Jean-Marc Janaillac, resigned in May as group chief executive and chairman as well as chairman of the Air France unit after losing a fight over pay with Air France staff. The search for a new CEO has been under way while the government of Franch has gotten involved.
While no one has been appointed as of late July, there is some talk that Catherine Guillouard is a viable candidate. Her experience is deep at Air Franch, and she is a Member of the Board of Directors Airbus SE, Member of the Board of Directors of Engie and Chief Executive Officer of RATP, a transport company. Recently Air France-KLM named board member Anne-Marie Couderc as non-executive chairwoman.
“This transitional governance structure is established for the shortest-possible period required to effectively complete the succession process for the roles vacated by Jean-Marc Janaillac,” the company said in a statement.
As the proces moves forward, there is possible consideration of a non-French CEO. By tradition, The Air France-KLM group has been led by French chief executives since its formation in 2004, from French demands, its largest shareholder and most influencial over the group’s board.
President of France, Macron, desires to create pan-European companies that can withstand globalization, even if that means placing control of a national asset in foreign hands and complicating negotiations with Air France unions. Macron’s has told the Franco-Dutch airline group its very survival is at stake if it fails to become more competitive and undergo the painful reforms completed by carriers such as British Airways and Lufthansaß as they battle low-cost carriers which are springing up in Europe as international travel increases.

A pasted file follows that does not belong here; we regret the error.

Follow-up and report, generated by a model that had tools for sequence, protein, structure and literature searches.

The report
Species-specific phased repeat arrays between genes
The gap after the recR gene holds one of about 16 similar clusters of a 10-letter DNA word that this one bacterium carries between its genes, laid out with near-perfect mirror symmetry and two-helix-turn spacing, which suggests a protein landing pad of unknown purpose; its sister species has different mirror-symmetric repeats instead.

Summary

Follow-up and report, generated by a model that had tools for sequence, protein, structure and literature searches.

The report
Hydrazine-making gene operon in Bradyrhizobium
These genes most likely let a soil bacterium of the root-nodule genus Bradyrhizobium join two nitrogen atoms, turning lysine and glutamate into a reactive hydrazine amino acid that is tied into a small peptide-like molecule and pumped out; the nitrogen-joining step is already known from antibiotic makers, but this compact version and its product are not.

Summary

The interim leadership of Europe’s second-largest network carrier by revenue will face French unions emboldened by the exit of Janaillac, resigned in frustration after putting his job on the line as French staff voted on pay. This is similar to Alitalia and its unions issues but Alitalia is in bankruptcy and governed by a board during this process.
But unlike Alitalia, the French government, has said it will not bail out Air France – where a protracted dispute between management and unions over pay has resulted in 15 days of walkouts this year, costing the group $479 million.
In the meantime, business goes on. Air France, KLM Royal Dutch Airlines, China Southern Airlines and Xiamen Airlines have today announced in Amsterdam the merger of their existing joint venture agreements. The aim is to create even stronger links between the partners and offer customers smoother, seamless travel solutions.
Delta Air Lines and China Eastern Airlines, which both hold 8.8 percent stakes in Air France-KLM, decline to comment.